My evaluation found that only one FP&A company uses the power of consistency and repetition effectively: Vena. Throughout its website, Vena emphasizes its “helps you grow” position. The dominant copy on Vena's homepage: “Vena brings your people, processes, and systems into a complete planning platform so you can grow anywhere together.”
As you scroll down, you find the following headlines:
- Hit the ground growing
- Jumpstart your growth journey
- Join over 800 companies on the journey to growth with Vena
Vena, therefore, is positioned around the notion of growth. The reason I chose the phrase “powering your plan to grow” for the perceptual map is this headline on the Financial Planning and Analysis page: “FP&A Software for Powering Your Plan to Grow.”
Prophix expresses its position boldly on its homepage: “Transform the way you budget, plan & report.”
To make the claim stick, Prophix should explain how it transforms budgeting, planning, and reporting. But there no proof provided on the website—no substantiation of the transformation claim.
It's easy to figure out Board‘s position, because the “#1 platform for decision-making” claim is prevalent throughout the website, from the homepage to the platform page and the about us page.
Once you have determined the position for each competitor, organize the claims in a table. Some competitors are likely to have similar or even identical positioning statements. Other competitors may publish various claims, making it more difficult to determine how they are positioned, if at all. A common mistake by companies is to make two or more benefit claims of equal importance, so check for those, too.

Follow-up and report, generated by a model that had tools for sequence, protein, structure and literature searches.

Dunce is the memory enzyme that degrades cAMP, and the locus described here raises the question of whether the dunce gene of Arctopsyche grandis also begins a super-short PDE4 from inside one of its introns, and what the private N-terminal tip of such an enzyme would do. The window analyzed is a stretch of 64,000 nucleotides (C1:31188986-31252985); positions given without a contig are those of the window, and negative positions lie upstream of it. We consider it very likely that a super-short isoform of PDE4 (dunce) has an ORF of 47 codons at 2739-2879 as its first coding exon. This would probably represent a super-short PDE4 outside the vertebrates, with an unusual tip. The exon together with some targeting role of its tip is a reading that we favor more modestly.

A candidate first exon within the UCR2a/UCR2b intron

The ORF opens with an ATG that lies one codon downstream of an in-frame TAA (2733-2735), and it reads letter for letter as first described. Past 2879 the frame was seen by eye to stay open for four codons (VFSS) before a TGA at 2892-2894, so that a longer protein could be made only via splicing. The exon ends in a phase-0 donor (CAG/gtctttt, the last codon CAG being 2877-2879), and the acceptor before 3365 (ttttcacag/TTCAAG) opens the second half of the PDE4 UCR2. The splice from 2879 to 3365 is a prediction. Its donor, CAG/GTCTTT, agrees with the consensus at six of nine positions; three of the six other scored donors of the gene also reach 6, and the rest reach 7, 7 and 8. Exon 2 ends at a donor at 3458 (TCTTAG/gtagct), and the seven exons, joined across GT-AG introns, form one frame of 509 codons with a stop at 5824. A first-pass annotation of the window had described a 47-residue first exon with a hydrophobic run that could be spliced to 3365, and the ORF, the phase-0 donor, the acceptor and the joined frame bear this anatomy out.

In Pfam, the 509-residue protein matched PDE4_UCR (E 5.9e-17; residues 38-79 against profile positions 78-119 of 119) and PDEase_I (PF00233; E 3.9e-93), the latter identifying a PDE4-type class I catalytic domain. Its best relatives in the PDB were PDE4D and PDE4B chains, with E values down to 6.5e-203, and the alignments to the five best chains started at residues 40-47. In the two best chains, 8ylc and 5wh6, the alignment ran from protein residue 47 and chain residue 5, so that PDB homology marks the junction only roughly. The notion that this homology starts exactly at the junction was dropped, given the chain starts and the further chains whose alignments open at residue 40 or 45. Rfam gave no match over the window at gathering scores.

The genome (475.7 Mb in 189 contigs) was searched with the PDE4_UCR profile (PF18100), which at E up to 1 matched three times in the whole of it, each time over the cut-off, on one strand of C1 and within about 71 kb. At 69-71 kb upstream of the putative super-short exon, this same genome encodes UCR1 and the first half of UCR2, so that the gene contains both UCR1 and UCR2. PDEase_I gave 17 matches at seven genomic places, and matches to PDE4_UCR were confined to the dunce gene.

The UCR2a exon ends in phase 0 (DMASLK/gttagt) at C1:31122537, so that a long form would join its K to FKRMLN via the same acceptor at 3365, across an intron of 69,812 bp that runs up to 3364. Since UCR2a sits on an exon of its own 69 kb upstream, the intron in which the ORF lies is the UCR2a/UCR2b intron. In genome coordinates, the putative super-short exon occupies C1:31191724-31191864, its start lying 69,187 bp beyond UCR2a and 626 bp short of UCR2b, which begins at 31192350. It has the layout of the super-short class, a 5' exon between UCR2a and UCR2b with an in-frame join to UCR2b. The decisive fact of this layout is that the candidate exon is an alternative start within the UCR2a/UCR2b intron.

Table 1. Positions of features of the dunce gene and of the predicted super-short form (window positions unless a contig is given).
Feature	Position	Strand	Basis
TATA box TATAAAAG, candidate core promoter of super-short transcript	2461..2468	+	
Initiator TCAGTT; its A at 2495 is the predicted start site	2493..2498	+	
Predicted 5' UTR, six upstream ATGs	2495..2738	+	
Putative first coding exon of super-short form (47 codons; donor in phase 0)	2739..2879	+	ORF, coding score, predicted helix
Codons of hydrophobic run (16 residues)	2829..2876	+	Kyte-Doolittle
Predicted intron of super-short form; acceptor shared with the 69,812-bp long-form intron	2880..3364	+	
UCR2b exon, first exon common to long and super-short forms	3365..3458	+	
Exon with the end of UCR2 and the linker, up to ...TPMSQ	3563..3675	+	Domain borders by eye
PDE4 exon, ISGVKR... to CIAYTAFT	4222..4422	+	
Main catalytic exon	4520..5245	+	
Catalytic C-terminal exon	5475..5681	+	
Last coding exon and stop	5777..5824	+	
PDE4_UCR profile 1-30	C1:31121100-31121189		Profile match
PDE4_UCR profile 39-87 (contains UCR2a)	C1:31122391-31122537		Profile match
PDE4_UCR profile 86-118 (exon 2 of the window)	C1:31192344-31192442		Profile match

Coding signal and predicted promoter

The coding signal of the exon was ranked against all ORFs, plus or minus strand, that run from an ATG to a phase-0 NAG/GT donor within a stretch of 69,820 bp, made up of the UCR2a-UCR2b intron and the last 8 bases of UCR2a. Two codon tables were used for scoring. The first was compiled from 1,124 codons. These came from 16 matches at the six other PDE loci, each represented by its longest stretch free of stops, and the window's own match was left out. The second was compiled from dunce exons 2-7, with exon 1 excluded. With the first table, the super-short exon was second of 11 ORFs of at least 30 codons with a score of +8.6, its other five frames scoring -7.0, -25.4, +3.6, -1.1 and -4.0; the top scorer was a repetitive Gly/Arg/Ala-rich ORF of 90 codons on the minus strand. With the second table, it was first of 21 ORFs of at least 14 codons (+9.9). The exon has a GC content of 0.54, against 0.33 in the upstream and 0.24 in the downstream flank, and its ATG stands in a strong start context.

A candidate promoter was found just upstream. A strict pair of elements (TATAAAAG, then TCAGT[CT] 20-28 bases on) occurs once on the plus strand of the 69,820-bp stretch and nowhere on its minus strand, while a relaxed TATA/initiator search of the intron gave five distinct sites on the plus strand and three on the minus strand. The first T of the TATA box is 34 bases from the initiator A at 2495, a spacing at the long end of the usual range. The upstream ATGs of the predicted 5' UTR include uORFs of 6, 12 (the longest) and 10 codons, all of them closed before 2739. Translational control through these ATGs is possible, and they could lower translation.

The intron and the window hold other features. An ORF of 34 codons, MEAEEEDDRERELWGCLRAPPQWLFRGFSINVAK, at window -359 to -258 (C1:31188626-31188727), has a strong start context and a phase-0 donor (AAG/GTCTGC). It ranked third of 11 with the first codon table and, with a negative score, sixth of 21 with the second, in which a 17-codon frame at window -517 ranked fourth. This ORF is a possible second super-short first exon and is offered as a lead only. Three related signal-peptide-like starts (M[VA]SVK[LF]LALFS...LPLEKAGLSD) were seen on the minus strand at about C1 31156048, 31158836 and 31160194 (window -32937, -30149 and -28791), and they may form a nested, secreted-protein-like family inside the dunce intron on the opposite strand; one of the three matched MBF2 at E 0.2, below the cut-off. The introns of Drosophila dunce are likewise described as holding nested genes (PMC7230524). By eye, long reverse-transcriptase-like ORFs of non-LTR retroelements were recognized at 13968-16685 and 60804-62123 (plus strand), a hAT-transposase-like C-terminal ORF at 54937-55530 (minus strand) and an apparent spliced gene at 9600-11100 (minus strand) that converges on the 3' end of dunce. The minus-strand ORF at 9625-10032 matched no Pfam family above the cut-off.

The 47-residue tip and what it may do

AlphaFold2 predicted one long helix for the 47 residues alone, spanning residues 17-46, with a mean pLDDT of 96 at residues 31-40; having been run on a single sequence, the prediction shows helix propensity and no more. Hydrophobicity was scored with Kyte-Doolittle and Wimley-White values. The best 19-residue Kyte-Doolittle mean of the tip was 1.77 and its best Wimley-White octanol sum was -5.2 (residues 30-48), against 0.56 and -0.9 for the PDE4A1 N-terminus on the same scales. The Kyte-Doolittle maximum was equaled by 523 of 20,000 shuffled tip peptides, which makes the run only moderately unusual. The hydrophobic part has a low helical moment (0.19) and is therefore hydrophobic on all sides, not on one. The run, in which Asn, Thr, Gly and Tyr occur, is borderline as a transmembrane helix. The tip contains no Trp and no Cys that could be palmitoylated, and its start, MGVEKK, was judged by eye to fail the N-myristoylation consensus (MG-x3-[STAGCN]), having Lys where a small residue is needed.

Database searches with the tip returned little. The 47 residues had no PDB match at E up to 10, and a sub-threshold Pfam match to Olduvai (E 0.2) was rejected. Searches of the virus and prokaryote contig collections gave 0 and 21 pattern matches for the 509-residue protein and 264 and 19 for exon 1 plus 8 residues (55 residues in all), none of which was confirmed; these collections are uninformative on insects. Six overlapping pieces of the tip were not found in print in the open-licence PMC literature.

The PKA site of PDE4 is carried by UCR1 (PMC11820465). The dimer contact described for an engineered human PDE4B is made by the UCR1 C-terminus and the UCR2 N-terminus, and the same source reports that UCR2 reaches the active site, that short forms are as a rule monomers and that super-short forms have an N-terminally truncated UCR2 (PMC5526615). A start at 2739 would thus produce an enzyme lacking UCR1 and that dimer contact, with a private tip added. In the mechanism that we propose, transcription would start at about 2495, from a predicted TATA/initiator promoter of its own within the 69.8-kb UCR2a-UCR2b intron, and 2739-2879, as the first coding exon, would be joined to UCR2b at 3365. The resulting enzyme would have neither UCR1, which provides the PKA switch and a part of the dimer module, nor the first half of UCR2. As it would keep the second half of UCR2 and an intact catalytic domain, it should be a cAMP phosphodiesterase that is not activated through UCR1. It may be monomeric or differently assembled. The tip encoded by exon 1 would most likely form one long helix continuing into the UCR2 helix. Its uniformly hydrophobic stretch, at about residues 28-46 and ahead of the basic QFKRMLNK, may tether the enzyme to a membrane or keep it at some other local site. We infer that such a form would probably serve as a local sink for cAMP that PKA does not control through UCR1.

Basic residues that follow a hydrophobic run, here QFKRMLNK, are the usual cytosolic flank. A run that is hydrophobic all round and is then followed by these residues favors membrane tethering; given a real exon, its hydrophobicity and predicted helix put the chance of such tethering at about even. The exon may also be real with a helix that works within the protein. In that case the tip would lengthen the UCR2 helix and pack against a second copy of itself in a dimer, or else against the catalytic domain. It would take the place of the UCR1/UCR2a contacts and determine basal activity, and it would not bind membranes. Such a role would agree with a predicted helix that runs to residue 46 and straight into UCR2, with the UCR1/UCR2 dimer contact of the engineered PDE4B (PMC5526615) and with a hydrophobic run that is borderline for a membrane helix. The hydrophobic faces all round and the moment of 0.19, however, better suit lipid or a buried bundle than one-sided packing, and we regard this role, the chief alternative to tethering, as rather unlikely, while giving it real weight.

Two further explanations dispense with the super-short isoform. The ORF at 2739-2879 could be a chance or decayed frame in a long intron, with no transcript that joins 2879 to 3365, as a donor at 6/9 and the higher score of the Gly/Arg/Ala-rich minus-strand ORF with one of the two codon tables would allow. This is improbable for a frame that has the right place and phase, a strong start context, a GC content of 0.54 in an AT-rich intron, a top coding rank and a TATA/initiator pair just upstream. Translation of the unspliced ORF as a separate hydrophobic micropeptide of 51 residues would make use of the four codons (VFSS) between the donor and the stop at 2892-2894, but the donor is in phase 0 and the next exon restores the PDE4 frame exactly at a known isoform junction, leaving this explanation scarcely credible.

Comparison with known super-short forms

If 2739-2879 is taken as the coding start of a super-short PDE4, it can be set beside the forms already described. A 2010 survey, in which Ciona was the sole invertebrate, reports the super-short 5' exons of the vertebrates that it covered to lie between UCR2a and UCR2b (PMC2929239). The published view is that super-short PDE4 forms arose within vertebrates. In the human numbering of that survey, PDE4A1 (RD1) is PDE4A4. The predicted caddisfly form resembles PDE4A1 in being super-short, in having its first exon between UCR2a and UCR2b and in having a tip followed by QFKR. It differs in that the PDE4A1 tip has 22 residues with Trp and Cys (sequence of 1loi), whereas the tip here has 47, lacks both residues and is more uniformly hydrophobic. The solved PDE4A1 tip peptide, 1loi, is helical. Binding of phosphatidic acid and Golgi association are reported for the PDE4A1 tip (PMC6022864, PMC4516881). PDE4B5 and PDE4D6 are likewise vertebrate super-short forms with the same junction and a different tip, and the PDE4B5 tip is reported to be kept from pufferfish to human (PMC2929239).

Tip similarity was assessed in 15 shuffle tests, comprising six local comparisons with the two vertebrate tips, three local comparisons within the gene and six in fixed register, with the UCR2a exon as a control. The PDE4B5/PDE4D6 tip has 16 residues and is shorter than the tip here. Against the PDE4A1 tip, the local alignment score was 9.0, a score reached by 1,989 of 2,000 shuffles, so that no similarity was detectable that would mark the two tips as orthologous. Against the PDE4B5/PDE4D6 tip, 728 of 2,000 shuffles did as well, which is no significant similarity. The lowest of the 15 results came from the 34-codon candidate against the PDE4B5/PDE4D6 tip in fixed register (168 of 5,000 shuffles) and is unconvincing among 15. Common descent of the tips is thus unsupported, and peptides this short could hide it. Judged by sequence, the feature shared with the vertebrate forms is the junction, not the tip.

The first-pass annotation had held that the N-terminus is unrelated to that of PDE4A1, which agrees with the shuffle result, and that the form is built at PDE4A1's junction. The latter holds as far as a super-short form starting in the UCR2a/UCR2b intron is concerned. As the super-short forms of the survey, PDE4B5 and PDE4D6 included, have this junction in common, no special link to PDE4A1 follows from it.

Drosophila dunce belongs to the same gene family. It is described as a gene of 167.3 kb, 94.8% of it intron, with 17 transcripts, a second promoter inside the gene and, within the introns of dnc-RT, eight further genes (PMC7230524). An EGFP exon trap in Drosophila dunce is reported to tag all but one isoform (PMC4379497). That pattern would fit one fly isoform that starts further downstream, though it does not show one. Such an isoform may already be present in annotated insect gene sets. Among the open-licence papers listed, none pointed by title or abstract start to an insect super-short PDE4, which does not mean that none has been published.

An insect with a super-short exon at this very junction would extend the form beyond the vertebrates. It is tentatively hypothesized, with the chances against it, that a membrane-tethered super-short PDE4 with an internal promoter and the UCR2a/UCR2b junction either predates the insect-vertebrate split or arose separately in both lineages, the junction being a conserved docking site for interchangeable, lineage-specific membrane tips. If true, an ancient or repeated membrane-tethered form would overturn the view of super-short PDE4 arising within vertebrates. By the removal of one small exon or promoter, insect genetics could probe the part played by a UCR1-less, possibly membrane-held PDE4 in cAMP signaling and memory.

Here is a table for the FP&A market created in my perceptual mapping application.
Once I filled out the table, I clicked on the “Create Star” button to create the perceptual map you saw earlier in this article. Just like that, we have completed the initial assessment of that competitive landscape!
But the work is far from over. You should do a quick scan of your competitors' websites at least once a month to determine whether they have changed their position.
You may be surprised to discover how often your competitors change positions—or even copy yours!
But if they do, your position is no longer unique. Then what?
Stick with your position. Why? If the copycat competitor has changed positions so quickly, it is likely to change again soon enough. In that sense, you can view the encroachment as a positive—because competitors that copy your position lack the discipline necessary to claim a unique position, which takes time (at least 18 months) and singlemindedness. Rather than use their position (which is also yours) consistently to repeat the benefit over and over, they are instead likely to have a shotgun approach: i.e., lots of benefits that end up diluting their overall position.
So, that shotgun approach results in essentially no position, because your target audiences won't remember it. What they will remember is your position if you are using the power of repetition to reinforce it. They may even think your competitor is stealing your claim (which it is doing).
Regardless of what competitors are changing their positions to, you'll want to know as soon as possible. A change indicates that you should check out that competitor in more detail. It could signal a management shakeup, a firing of the CMO while a new one is going in a new direction, or a change in the company's overall strategy.
Monitoring your competitors' positioning on a regular basis is a process that should be embraced rather than overlooked. It is the foundation of your competitive intelligence efforts because it provides so much more insight than just whether your position is unique.